Comparing the reliability of responses to telephone-administered versus self-administered Web-based surveys in a case-control study of adult malignant brain cancer.
INTRODUCTION: To determine whether a Web-based survey was an acceptable method of data collection for a clinic-based case-control study of adult brain cancer, the authors compared the reliability of paired responses to a main and resurvey for participants completing surveys by telephone (n=74) or self-administered on the Web (n=465) between 2003 and 2006. METHODS: Recruitment of cases was done at the Evanston Northwestern Healthcare Kellogg Cancer Care Center and the Duke University Medical Center Cancer Control division, and controls were friends and siblings of cases. Twenty-five variables were examined, including smoking, oral contraceptive and residential histories, water sources, meat preparation, fruit and vegetable consumption, and pesticide use. Weighted and simple kappa's were estimated for categorical and binary variables, respectively. RESULTS: The number of concordant paired responses was summed for use in linear regression. Respondents were 97% White and 85% had postsecondary education. Kappa's for individual questions ranged from 0.31 (duration of residence in a single family house) to 0.96 (ever smoked), with a median of 0.57 (95% confidence interval, 0.47-0.64). The median number of concordant responses was 16.2 (range, 5-22). Reliability was greater for controls than cases, Web-based versus telephone responders, females, and higher-income responders. Frequency of e-mail and Internet use was not associated with reliability. CONCLUSIONS: A self-administered, Web-based survey was a feasible and appropriate mode of interview in this study. The comparable reliability of Web compared with telephone responses suggest that Web-based self-interviews could be a cost-effective alternative to traditional modes of interview.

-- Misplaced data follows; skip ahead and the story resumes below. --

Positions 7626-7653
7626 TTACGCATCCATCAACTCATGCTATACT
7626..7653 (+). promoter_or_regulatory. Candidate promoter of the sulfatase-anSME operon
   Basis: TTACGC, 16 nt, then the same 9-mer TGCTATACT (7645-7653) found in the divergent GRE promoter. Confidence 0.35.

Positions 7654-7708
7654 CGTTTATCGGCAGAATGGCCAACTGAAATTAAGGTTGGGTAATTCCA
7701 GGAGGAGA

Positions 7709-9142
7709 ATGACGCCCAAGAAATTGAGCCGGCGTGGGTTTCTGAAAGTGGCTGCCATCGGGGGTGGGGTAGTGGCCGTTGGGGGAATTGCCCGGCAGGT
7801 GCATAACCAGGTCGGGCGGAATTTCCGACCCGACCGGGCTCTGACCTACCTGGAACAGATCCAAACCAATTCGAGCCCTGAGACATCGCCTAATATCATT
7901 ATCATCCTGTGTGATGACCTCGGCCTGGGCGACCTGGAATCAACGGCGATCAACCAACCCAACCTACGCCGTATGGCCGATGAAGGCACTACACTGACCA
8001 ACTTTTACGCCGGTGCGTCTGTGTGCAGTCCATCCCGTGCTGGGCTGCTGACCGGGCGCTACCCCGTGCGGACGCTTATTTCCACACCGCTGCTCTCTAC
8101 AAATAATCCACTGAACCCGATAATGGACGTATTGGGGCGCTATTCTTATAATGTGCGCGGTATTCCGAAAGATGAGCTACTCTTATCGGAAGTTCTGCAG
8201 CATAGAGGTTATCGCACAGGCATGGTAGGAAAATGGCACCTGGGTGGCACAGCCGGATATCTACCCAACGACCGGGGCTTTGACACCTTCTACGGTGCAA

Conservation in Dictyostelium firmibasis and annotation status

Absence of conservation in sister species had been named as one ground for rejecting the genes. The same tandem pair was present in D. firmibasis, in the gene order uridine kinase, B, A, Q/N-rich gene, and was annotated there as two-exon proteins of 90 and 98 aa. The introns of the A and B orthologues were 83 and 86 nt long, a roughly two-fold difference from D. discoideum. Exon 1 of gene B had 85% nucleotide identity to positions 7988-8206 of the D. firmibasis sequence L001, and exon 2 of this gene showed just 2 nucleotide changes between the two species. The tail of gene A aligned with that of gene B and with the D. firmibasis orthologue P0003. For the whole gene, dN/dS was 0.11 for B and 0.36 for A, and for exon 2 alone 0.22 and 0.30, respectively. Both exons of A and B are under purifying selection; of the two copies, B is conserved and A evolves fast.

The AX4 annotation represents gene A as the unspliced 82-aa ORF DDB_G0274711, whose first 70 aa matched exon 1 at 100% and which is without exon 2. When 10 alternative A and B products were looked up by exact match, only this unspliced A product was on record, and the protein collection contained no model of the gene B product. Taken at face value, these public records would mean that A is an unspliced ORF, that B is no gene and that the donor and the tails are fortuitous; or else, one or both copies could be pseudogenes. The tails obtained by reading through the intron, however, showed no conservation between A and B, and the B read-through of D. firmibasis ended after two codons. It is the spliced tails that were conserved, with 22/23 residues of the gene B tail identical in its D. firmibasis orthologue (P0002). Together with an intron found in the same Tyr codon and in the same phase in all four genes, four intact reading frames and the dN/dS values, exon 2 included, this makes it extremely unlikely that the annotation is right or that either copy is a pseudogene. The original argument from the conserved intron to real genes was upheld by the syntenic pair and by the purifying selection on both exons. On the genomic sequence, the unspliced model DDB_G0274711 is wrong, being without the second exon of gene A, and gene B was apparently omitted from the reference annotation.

Rankin, KM; Rauscher, GH; McCarthy, B; Erdal, S; Lada, P; Il'yasova, D; Davis, F
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